Due to this unexpected phenomenon, an existential question seems to arise: even when people end up really loving this kind of work and are perfectly happy being here (or in whichever country they work),  why do many of us feel we must at some point return home in order to start our 'real' lives; and, what does a "real life" mean to us, anyway?  Is the kind of a life we have envisioned for ourselves possible without returning to our home countries? It seems that in addition to many other expectations we have set for ourselves, we often believe that we must give up the things that bring us joy in the moment in exchange for what we feel is a more 'adult' lifestyle. I tell you what, though- I am CERTAINLY not mocking this notion; I have had the same expectations for myself at one point.  The thing is, it's a persistent question that we travelers/expats face.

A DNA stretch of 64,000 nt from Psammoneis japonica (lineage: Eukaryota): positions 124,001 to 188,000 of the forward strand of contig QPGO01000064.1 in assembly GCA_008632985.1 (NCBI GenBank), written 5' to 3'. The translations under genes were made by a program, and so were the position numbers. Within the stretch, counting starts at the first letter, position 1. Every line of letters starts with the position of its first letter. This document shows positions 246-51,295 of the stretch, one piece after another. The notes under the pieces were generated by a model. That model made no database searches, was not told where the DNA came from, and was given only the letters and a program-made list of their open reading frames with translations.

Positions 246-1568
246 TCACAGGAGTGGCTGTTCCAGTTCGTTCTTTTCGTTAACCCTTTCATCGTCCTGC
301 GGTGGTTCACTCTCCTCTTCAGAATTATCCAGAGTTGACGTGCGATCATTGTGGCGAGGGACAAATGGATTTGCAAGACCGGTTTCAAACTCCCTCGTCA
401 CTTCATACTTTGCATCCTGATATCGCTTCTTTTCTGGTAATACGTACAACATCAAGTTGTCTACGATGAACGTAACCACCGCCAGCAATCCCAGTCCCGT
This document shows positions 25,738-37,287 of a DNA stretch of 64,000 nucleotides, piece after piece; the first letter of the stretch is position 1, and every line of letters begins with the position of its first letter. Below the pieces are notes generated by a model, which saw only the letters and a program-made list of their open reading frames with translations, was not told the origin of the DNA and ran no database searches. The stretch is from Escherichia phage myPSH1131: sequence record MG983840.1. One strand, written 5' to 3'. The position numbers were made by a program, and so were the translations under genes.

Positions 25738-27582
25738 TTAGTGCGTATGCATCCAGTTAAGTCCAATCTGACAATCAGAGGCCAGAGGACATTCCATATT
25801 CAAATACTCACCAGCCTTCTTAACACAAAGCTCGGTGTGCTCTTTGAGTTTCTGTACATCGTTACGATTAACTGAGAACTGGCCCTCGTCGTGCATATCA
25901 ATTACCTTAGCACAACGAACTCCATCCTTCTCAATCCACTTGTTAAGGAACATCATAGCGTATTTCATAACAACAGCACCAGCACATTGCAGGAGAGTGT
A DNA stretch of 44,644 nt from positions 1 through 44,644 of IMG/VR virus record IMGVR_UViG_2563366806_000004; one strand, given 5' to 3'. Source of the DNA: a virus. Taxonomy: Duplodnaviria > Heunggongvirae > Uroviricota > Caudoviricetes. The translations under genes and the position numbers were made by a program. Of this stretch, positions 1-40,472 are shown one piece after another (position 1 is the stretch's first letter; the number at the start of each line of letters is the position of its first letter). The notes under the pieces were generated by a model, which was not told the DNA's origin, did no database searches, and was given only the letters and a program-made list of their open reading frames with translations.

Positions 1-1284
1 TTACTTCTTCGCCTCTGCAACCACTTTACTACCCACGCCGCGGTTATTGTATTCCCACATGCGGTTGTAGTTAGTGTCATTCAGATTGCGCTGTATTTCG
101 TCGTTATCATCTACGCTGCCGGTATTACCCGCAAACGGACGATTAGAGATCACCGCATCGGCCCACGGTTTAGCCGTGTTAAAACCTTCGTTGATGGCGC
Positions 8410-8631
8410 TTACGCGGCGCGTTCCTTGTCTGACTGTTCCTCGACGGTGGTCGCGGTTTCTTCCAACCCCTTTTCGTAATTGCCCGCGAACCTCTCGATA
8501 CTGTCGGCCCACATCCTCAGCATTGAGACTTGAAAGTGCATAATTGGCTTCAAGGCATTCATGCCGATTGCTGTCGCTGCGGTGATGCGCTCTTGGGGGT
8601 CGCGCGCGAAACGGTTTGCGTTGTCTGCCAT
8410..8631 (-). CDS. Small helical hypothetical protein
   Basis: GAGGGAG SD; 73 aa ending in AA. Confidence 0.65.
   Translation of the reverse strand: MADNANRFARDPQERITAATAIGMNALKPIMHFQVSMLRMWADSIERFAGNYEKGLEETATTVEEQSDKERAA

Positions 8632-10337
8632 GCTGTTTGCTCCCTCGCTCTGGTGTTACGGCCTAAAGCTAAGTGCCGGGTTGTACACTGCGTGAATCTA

Okay, let me just pause here briefly to explain what I am thinking of as a 'traditional' life path; please correct me if you think I'm wrong.  It may look a little something like this:

1) Go to Kindergarten/Elementary/High School, hit puberty and deal with adolescence
2) Go to University
3) Get higher education degree (optional or can be exchanged with #4)
4) Get a steady career 
5) Meet someone, get married (can be exchanged with #s 3 and/or 4) 
6) Have babies, experience parenthood
7) Retire from working
8) Die

I can understand how people in the states or other home countries could see traveling and teaching as an impediment to a traditional lifestyle, and there is some truth to that.  After all, as I mentioned before, many of the people who leave their host countries embark on the journeys to seek challenges and adventure.  There are many challenges in living apart from one's home culture, whether it be the inability to create and/or maintain social relationships, deal with legal bureaucracy, adapt culturally, or the main one--being away from friends and the family unit back home.  I can see from an outsider's perspective that it may seem damn near impossible to follow a more 'traditional' life path here.  I'll tell you what, though; I am here to debunk the myths that the things we expect from a 'traditional' lifestyle aren't possible whilst living/working abroad; that we can still follow what we think of as a 'real' life here, if we are only willing to accept these challenges.